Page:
And all of this is happening while youth are being taught abstinence-only education in schools. Currently the only type of funding for sex education is for abstinence-only-until-marriage. Three major federal funding streams give money to states and community organizations for abstinence-only-until-marriage education which teaches that marriage is “only a legal union between one man and one woman as a husband and wife” and that “sexual activity outside of the context of marriage is likely to have harmful psychological and physical effects” as stated by the federal 8 point definition of abstinence-only-until-marriage programs.

The government is telling youth to wait until marriage while the media tells them to go for it. Our youth are hearing two messages that contradict each other. Youth are not being given the tools they need to protect themselves if they do decide to have sex, which 70% do by the time they are 18. We need to stop sending mixed messages to our youth and start teaching them about all aspects of sexuality and how to protect themselves and their partners (of whichever gender they choose) so they will be able to make positive decisions in their lives.

The Committee on Oversight and Government Reform held a hearing on April 23rd titled “Domestic Abstinence-Only Programs: Assessing the Evidence”. Of those present the majority felt that abstinence-only programs do not work and are harmful to our nations youth. The American Public Health Association and U.S. Institute of Medicine both testified that abstinence-only programs have not decreased the rate of pregnancies or STD’s. Much of the testimony also discussed the need for comprehensive sexuality education programs. The Responsible Education About Life (REAL) Act (H.R. 1653, S. 972) would provide funding to states for comprehensive sex education programs. REAL would still teach abstinence as the only sure way to avoid pregnancy and STD’s but it would also teach the benefits of contraception and protection, as well as encourage family discussions.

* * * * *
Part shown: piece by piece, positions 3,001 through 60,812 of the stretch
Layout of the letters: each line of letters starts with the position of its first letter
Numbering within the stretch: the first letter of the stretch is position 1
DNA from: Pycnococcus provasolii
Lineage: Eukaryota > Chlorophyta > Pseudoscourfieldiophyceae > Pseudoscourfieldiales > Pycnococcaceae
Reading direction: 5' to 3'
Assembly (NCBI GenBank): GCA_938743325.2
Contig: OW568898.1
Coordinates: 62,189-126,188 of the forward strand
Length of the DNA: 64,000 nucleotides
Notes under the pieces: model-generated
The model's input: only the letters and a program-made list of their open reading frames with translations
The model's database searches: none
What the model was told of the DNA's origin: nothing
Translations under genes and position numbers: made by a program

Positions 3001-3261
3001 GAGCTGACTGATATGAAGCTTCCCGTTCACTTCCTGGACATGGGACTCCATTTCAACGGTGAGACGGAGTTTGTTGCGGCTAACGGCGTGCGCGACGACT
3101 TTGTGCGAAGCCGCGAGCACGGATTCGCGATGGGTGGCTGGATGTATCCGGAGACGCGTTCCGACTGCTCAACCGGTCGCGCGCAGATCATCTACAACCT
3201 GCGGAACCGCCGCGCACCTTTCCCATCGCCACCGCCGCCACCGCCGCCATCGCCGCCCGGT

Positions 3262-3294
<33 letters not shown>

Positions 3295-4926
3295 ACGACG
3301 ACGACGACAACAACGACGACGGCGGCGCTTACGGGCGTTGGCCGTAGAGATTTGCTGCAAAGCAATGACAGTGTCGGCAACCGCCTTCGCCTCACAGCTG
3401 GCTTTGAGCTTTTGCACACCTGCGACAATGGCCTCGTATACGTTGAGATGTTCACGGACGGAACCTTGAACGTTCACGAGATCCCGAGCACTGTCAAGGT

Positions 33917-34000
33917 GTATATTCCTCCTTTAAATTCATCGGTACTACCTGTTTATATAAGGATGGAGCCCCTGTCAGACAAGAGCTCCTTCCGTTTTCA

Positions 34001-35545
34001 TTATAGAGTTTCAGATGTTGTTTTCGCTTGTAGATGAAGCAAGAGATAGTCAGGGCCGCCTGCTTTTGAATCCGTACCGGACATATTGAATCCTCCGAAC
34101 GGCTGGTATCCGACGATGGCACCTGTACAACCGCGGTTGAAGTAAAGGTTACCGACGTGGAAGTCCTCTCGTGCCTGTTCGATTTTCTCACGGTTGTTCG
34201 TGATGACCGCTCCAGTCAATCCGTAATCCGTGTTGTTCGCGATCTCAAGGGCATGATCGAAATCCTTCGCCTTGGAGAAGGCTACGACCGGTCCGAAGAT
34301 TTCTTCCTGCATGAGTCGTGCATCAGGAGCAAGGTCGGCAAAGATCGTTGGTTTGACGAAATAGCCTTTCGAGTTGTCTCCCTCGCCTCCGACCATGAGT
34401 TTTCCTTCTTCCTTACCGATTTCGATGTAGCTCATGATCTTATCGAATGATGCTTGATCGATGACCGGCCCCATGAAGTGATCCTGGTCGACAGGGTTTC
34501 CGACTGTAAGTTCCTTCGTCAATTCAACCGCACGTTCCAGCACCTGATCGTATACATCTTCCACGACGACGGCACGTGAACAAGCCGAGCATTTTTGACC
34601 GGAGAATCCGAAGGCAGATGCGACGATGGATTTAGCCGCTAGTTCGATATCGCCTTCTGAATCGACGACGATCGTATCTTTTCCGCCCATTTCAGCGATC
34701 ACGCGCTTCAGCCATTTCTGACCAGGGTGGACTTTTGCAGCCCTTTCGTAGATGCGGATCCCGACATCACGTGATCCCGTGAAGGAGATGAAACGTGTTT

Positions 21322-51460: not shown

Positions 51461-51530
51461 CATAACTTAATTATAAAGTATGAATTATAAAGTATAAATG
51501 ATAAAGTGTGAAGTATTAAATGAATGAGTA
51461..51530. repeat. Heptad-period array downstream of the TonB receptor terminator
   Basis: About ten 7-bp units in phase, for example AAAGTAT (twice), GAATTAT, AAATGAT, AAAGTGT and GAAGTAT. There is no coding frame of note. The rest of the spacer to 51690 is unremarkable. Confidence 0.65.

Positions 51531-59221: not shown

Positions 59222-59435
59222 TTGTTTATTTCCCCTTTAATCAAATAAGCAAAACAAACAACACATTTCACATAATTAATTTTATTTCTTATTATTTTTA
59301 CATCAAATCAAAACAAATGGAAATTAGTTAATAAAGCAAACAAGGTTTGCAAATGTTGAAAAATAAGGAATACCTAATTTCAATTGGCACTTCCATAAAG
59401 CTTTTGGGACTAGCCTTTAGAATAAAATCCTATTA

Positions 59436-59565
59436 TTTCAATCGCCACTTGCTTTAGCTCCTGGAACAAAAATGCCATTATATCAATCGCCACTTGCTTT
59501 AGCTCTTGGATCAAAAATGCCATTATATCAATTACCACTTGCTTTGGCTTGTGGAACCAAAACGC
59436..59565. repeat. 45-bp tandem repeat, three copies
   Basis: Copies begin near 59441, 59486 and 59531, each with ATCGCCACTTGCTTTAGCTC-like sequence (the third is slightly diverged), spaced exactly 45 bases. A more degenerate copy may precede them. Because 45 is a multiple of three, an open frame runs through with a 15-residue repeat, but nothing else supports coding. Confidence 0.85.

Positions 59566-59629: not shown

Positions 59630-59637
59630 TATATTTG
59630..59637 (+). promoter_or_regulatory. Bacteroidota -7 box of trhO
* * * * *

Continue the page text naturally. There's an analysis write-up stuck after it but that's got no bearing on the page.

It is time for us to take a stand on this issue and let the government know that we will not accept abstinence-only programs and demand comprehensive sexuality education programs. You can tell Congress to Get Real! today and support the Responsible Education About Life Act!

Happy International Women’s Day!

Tomorrow, March 8th, is International Women’s Day. On this International Women’s Day, one area of conversation that I hope will re-open for Democrats, Republicans, Independents and Greens, is reinstating funding for the UNFPA (United Nations Fund for Population Activities).

As you’ll recall, President George W. Bush de-funded the U.S. commitment to this program in the early days of his Presidency, on the grounds that Chinese programs sponsored by the UN coerced women into having abortions. Though his own State Department sent a delegation to China which concluded that, in fact, nothing could be further from the truth, U.S. funding for this program has been eliminated ever since.